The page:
Natural gas is typically found 1 to 2 miles underneath the surface of the earth where it becomes trapped by large formations of porous sedimentary rock. Deposits of natural gas, known as reservoirs, are typically dome-shaped and require industrial drilling operations in order to harvest. Natural gas reservoirs exist in multiple locations all over the world, with the largest known deposits located in the Middle East, Europe, Asia and Africa.
Natural gas is a fossil fuel created from the remains of biological organisms that lived millions of years ago. The most widely accepted theory regarding the formation process of fossil fuels states that natural gas, oil and coal form through the compression of organic matter that is subjected to intense heat and pressure over millions of years. The pressure and high temperature found deep below the surface of the earth breaks down the carbon bonds of organic matter which produces methane and other types of fossil fuels.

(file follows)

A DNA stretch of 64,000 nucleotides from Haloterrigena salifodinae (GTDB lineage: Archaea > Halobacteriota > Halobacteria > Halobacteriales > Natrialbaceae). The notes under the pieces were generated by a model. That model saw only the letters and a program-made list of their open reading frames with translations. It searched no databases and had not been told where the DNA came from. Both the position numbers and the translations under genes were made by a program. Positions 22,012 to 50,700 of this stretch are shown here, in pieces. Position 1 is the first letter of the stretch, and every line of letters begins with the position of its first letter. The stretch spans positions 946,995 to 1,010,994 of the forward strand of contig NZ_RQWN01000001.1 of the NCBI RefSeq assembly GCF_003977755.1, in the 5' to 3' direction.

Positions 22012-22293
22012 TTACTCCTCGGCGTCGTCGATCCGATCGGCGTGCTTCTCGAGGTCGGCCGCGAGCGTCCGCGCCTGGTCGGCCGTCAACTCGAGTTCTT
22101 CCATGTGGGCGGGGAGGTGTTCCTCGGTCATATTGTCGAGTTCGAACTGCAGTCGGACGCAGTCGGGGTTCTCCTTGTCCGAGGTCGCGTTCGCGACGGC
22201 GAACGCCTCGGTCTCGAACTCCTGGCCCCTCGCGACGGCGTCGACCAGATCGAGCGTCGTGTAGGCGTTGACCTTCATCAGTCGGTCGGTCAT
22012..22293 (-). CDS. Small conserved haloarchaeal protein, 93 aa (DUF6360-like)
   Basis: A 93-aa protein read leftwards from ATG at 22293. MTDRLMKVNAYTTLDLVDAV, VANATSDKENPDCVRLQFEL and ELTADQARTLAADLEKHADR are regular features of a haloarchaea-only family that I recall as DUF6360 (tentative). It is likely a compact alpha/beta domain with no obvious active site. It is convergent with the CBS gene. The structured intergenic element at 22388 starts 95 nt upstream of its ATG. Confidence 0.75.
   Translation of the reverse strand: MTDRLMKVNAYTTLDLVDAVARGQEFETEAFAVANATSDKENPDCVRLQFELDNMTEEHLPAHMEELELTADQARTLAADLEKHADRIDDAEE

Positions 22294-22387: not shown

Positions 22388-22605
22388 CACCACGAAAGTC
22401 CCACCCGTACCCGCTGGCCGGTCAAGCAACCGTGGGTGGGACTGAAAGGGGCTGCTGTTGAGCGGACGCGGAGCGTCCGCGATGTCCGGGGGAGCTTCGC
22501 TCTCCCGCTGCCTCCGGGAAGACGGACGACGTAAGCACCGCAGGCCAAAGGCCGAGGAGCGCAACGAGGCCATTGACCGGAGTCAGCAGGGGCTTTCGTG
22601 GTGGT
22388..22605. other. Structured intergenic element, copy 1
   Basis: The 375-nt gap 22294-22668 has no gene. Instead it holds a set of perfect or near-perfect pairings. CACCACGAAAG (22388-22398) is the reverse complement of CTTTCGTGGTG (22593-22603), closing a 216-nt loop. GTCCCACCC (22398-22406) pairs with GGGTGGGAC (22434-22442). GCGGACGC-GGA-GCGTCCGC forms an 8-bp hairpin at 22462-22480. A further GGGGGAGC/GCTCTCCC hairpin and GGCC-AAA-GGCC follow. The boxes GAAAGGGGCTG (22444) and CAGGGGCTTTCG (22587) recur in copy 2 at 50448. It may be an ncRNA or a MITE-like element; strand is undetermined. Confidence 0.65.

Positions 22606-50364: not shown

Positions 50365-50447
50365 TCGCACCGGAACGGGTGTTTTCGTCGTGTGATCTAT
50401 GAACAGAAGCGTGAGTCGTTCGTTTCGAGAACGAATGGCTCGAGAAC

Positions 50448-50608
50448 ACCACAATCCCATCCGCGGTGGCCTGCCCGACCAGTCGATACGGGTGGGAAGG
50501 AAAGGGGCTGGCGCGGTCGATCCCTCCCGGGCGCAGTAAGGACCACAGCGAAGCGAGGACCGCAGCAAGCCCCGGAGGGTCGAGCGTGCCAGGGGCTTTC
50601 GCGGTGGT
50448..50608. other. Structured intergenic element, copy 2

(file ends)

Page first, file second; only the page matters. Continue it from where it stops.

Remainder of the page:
Natural gas may also be formed by microorganisms that transform organic matter into biogenic methane. Deposits of biogetic methane are typically found much closer to the surface of the earth. Natural gas is also found in waste-containing landfills. The decomposing waste materials found in landfills produce methane which is then harvested.